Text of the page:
In a short paper, Kevin Gallagher and Elen Shrestha discuss the issue of whether investment treaty arbitration is biased against developing countries. They first note the argument of those who say there is no bias:
Defenders claim that the system does not unfairly subject developing countries to arbitral panels. When these arguments are made, they often rely on the relatively recent empirical work by legal scholar Susan Franck (Franck 2009; Franck 2007). Franck’s work suggests that developing countries are not subject to more claims under the system, and that investors do not win the majority of cases. When foreign investors do win, the awards paid are not necessarily large amounts.
More specifically, Franck empirically analyzes investment treaty arbitration awards publicly available before June 1, 2006 to better understand trends in investment treaty arbitrations including main players (investors and respondent governments), arbitration outcomes (win-loss rates and amounts awarded v. amounts claimed), costs of arbitration and nationality and gender of arbitrators.
Franck’s study found that the bulk of the cases (around 90%) did indeed originate from high income countries of which 32 cases were from the U.S. Among the respondent governments, 70% were non-OECD (or developing) countries. However, only few came from low-income countries and high proportion of arbitration (45%) were subjected against upper middle income developing countries. In terms of arbitration outcomes, the ultimate winners did not appear to be significantly different for investors and respondent countries. Investors on average won less than half of the cases and even when they won, they did not win big. U.S. seemed to follow the similar trend and lose more. The study found a statistically significant difference between amounts claimed and awarded. Thus Franck concluded that although there are rooms for improvement, investment arbitration was functioning in an unbiased manner.
In 2009, using 2007 arbitration award data, Franck conducted econometric analysis to study the relationship among development status of the respondent government, development status of the presiding arbitrator and arbitration outcome (both in terms of win -loss and amounts awarded). Franck found no significant relationship between development status of the respondent country, development status of the presiding arbitrator and outcome of the arbitration.
Then, they question the view that there is no bias:
This working paper critically analyzes parts of Franck’s work and concludes that such work may be limited in explaining the development impacts of investor-state dispute resolution. In the order they will appear in this working paper, our main concerns are:
- There is a lack of adequate sample composition and size to conduct rigorous empirical work from which an analyst could draw such bold lessons.
- Discounting the fact that developing countries are subject to a disproportionate number of claims is not to be overlooked, especially when looking at claims by the United States.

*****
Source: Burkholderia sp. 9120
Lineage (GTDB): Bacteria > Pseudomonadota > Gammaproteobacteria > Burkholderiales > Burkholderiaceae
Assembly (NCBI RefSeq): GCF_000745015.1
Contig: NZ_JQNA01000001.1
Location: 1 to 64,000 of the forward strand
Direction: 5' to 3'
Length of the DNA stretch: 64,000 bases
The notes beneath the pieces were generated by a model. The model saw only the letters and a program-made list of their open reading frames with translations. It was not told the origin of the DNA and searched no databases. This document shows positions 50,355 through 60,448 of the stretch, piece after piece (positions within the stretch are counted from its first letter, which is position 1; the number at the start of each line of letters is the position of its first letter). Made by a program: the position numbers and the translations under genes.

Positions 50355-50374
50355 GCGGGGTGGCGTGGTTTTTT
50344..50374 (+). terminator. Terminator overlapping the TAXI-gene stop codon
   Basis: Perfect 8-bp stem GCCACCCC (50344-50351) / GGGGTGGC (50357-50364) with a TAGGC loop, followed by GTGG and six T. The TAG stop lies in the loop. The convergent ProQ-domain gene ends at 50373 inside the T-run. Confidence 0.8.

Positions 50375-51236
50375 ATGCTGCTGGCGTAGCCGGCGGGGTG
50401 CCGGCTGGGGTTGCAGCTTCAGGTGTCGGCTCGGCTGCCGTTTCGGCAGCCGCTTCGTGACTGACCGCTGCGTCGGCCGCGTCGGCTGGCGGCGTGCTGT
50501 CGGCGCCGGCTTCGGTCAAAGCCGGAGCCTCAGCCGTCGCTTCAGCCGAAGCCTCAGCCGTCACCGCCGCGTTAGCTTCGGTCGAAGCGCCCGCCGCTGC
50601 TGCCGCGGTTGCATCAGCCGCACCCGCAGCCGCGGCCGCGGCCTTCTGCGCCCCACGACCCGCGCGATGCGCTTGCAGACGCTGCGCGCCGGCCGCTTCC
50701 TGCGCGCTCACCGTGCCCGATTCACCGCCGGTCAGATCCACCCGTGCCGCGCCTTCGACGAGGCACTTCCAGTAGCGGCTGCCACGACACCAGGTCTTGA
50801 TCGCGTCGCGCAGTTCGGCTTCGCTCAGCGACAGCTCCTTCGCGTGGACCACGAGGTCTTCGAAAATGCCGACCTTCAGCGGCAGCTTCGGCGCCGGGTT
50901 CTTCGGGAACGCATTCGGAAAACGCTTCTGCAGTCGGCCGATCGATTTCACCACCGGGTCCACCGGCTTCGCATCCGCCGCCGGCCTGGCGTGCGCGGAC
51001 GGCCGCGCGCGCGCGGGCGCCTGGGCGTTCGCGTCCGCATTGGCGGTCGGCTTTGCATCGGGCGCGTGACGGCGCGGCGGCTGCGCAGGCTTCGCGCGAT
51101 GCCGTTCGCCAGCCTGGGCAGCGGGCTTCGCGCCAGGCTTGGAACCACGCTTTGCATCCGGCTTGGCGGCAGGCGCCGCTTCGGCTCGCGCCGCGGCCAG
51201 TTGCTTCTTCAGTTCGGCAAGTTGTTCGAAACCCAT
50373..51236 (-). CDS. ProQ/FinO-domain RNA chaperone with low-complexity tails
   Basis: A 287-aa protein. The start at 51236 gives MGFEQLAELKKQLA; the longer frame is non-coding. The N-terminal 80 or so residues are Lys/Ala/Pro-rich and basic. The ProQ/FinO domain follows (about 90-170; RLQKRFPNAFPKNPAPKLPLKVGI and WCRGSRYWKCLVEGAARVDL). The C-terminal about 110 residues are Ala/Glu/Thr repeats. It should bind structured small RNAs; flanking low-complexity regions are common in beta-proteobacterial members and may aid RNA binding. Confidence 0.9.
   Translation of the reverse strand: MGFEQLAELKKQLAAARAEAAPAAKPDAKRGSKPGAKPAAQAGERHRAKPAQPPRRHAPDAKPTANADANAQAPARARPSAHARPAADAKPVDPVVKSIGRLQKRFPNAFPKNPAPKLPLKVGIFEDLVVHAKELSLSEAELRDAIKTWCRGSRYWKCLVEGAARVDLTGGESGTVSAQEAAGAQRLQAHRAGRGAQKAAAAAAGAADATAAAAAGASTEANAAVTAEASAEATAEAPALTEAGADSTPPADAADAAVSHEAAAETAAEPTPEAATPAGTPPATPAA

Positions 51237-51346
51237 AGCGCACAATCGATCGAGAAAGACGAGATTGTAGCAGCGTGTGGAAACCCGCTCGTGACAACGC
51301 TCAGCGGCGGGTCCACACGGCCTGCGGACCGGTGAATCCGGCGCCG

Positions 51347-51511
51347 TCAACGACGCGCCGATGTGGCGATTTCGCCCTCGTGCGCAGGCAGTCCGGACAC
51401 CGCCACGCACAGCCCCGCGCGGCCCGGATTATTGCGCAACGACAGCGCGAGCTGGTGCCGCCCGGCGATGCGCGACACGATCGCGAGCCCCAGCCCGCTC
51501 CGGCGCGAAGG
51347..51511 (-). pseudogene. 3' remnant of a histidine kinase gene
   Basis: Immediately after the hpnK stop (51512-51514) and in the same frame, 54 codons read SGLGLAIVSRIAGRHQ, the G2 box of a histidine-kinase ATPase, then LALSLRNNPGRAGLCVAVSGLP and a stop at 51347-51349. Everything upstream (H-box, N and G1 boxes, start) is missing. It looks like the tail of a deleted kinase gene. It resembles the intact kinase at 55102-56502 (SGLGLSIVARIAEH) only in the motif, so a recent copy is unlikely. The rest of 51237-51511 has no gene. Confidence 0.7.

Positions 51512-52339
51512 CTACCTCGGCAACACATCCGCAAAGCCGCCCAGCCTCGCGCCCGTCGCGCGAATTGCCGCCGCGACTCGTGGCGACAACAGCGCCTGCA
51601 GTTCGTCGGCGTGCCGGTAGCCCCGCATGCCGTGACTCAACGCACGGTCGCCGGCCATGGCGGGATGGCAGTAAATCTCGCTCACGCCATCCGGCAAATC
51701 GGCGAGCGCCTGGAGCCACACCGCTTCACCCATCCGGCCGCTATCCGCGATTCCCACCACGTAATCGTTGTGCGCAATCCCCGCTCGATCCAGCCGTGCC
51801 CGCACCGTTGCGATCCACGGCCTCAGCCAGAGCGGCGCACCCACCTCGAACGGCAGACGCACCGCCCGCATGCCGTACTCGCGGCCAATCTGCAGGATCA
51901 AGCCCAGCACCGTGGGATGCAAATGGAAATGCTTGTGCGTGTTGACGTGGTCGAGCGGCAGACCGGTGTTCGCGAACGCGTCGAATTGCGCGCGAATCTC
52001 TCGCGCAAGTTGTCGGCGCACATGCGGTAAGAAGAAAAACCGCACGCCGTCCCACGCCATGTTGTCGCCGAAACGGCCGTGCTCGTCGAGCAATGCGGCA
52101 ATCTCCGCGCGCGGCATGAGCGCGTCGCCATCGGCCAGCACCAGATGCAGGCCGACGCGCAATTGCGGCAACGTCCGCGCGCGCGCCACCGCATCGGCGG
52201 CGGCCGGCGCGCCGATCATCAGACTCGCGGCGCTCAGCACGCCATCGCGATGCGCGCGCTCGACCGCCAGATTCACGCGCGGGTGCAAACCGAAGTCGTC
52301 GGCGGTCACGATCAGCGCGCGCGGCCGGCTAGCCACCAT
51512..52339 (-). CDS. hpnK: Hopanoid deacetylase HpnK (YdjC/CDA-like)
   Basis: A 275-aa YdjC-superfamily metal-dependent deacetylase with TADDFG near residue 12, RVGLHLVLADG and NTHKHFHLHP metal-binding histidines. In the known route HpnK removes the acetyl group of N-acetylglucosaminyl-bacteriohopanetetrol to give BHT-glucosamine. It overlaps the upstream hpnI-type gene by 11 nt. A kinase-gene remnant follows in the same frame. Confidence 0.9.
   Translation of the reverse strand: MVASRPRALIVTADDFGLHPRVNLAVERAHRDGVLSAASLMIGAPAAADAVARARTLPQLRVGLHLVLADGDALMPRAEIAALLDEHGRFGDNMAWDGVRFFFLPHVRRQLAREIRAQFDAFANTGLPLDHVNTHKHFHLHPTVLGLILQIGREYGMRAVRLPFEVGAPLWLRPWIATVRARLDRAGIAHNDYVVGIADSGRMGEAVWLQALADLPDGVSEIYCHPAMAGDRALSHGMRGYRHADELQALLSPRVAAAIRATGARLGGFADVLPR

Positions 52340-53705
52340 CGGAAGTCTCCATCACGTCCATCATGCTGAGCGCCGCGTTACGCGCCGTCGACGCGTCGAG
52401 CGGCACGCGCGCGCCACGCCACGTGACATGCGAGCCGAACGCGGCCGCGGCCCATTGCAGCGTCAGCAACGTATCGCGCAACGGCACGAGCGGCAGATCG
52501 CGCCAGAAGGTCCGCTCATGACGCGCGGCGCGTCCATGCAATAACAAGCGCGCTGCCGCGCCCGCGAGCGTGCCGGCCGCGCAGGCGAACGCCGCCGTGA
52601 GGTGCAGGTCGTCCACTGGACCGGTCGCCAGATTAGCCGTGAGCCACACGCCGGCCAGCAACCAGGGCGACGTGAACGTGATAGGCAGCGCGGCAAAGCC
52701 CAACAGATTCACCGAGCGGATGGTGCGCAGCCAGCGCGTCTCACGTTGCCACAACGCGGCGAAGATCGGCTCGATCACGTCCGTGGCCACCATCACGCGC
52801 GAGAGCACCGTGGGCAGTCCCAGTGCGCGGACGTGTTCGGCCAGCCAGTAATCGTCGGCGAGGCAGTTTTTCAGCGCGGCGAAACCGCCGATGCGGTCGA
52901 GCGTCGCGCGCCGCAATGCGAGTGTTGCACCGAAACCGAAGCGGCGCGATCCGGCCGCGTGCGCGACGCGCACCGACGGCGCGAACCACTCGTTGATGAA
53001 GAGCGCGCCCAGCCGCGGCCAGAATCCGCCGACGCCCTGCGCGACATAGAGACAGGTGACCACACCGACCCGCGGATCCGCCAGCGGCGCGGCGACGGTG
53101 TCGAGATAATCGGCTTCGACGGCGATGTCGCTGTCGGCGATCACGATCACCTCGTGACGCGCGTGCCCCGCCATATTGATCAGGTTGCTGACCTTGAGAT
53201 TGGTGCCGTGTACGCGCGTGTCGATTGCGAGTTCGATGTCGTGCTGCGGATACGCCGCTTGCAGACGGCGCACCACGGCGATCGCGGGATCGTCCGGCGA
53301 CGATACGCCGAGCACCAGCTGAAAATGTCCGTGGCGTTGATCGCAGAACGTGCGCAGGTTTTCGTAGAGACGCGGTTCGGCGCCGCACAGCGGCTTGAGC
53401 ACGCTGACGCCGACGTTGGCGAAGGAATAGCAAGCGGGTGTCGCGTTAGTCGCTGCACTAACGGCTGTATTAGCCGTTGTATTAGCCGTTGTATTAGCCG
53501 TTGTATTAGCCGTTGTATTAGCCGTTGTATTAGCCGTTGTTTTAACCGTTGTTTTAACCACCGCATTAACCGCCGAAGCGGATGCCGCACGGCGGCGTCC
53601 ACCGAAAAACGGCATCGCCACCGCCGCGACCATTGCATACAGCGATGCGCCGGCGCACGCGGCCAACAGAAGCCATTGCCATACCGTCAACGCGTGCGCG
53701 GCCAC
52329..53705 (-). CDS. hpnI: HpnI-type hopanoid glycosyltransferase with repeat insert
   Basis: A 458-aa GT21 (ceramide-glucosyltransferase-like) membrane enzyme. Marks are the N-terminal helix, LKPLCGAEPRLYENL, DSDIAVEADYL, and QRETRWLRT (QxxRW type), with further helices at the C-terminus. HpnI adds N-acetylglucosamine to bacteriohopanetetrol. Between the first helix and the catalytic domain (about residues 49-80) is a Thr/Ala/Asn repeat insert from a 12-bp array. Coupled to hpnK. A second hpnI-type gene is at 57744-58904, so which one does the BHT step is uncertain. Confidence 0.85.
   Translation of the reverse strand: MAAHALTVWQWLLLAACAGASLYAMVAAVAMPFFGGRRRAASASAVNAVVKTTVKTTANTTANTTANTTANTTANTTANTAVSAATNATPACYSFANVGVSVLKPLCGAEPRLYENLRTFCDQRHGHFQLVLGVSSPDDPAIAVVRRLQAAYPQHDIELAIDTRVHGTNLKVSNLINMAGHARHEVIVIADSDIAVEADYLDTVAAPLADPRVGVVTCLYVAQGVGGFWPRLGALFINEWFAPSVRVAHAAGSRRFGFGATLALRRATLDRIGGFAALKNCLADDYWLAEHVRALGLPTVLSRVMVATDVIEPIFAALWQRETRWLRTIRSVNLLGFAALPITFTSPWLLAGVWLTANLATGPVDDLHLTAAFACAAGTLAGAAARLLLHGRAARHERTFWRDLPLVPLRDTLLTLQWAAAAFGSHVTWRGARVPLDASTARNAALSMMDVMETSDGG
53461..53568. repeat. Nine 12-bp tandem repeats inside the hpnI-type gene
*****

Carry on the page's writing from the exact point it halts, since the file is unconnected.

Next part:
- Relative to government budgets and in per capita terms developing countries pay significantly more in damages than developed nations do.
They elaborate on on each point. Here is more on their point number 2:
It is clear from the data that developing countries are subject to more claims than are developed countries. What is more, the argument that the least developing countries are not subject to many claims does not highlight the fact that least developed countries are subject to significantly more claims than their share of global foreign investment or of their share of global BITS.
developing countries are not only subject to the most claims but they are subject to many more claims than their proportion of global investment.
I haven't followed this debate very closely, but it seems to me that the empirical data on cases is really about the more basic point of whether the system is biased against developing countries by its nature. For example, people/companies in rich countries invest abroad more and therefore, presumably, they benefit more from the system. It would be surprising if the data on cases filed do not provide support for the proposition that rich country investors benefit more.
There is also the issue of the threat of cases, which the authors talk about:
It is commonly held that threats of claims against government occur much more frequently than actual cases. A truly representative empirical analysis of the impact of investment arbitration on developing countries would include such data. Of course such data does not exist.
Of course, even if there is bias, one response might be that in FTAs at least, developing countries are getting something in return for their decision to subject themselves to investment treaty arbitration, such as bound tariff reductions on their exports to rich countries.
One final thought. Perhaps the biggest bias here is not against developing countries, but rather in favor of "foreign investors," wherever they are from. Often these are big multinationals from the richest countries, but that's not always the case. For example, Colombia's largest cement company recently bought several cement plants in Alabama, Georgia and South Carolina, and the company thus stands to benefit if the U.S.-Colombia FTA, with its investor-state provisions, is completed. This raises the following question: Of all the individuals, groups and other entities that are out there in the world, why do only "foreign investors" have access to this special international remedy?